UPDATES AND RECAPS (the two types of soap summaries we have on our sites)

Here are the instructions (and some helpful hints) on writing our soap recaps or updates.  Soap recaps are the short ones and updates are the longer ones.

While you are volunteering to work on this site, the rest of us are TRUSTING you.  That means you need to watch the show carefully and then write the summary carefully. It also means our readers are trusting you.  We trust that you will watch carefully and write what you see, and not misinterpret things or make them up.  We do understand that no one is perfect, some things are left up to interpretation, and stuff happens that you can't prevent.  Please just keep in mind that you have our trust and not to violate that.  If you didn't see the whole show, don't write the update or recap (or at least check with us first).

Please only use a computer or tablet to do your work. Trying to do it on a phone won't work unless you're really good at writing and editing on the phone.


These are just a few paragraphs' summary of what happened, the main points only. Get each main point and don't worry about details.


We like fairly detailed summaries for these, more than just short recaps.

There are three different ways that I have used to write the updates. You probably shouldn't type as you watch the show live, if you can help it, because you are more likely to miss details (since doing two things at once is difficult), and since the show is airing live, you could be interrupted by the phone, a visitor, an emergency, etc. Also, if you are not a super-fast typist, you could get behind and miss a bunch of stuff on the show.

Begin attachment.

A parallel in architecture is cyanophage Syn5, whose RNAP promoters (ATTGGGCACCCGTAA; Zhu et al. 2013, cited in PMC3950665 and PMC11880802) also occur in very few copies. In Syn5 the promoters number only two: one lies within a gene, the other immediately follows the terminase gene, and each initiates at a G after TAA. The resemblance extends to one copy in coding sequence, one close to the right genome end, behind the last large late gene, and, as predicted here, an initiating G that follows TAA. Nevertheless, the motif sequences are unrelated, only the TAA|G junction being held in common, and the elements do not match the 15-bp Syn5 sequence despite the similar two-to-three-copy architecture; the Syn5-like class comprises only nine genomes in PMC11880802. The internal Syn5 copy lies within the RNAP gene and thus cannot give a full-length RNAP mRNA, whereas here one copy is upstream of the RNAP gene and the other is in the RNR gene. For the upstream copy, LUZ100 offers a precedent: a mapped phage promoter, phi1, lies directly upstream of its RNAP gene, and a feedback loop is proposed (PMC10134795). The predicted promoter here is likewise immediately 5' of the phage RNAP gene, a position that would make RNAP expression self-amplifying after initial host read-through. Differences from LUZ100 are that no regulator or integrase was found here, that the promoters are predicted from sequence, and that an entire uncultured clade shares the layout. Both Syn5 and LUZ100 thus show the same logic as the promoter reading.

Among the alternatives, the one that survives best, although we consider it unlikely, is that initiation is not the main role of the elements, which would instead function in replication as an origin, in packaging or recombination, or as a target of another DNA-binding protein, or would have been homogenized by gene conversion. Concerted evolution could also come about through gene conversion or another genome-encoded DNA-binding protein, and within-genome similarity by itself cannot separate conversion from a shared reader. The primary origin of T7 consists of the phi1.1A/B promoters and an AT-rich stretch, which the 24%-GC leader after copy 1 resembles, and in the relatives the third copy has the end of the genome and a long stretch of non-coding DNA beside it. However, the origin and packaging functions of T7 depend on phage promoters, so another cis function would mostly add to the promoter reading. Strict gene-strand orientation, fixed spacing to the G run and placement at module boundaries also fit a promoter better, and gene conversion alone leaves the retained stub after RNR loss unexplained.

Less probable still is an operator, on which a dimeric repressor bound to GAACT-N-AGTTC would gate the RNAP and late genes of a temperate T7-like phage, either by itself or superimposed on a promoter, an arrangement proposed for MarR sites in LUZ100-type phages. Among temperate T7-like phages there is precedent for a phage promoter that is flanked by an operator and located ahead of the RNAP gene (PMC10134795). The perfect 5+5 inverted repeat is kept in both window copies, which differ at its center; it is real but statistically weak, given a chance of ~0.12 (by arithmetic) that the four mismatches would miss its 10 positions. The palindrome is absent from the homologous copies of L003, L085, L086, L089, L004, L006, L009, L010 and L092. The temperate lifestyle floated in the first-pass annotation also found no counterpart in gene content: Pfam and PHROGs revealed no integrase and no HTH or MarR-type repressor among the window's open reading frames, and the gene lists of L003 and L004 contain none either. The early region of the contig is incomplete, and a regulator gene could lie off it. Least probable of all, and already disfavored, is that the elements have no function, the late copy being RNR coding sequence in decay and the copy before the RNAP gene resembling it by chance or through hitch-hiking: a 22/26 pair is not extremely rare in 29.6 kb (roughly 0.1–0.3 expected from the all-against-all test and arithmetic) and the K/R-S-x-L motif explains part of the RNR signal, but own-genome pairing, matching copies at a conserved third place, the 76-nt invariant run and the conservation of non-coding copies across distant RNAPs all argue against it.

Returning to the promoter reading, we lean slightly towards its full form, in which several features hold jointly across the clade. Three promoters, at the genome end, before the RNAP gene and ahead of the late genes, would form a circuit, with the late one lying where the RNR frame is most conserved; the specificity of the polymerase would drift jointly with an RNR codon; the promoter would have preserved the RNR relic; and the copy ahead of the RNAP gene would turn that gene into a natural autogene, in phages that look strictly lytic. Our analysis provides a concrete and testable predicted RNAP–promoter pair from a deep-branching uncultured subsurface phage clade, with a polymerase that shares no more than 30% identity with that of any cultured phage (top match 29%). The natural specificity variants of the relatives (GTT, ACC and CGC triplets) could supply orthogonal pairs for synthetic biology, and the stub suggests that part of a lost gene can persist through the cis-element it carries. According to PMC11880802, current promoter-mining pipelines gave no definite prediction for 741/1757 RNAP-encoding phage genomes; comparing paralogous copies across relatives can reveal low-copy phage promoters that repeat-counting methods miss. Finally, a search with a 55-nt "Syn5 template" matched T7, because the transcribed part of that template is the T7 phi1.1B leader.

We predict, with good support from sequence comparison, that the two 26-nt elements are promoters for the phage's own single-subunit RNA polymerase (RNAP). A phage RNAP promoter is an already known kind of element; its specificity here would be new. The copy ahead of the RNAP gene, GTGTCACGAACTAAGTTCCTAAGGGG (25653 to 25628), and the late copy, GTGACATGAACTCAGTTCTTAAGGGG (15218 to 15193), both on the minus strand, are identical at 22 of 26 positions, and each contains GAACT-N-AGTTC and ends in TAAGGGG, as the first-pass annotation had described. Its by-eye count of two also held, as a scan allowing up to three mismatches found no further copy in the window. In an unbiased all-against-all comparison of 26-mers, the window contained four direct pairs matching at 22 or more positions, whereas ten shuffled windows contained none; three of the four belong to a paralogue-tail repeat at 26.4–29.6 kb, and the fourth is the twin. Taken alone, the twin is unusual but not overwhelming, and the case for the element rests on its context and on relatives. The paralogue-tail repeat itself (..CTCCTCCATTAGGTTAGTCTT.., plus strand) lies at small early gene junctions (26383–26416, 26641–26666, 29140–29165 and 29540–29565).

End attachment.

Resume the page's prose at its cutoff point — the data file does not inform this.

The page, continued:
1) Record the show (or watch it streaming) and watch it while you type, so that you can pause or stop the action when you need to.

2) Watch the show, taking notes as you type. Right afterwards, type up your update.

3) Watch the show, then type up the update right afterwards, using the transcript as a guide to remind you of any details. NOTE: The transcripts are sometimes posted very late, so this is not the optimal choice.

When writing your update, you want to put in as much detail as possible. Never worry about it being too much because it's much more likely it will not be enough. You want to summarize all of the action and dialogue and paraphrase some of the dialogue, following what goes on in every scene as much as you can without repeating yourself.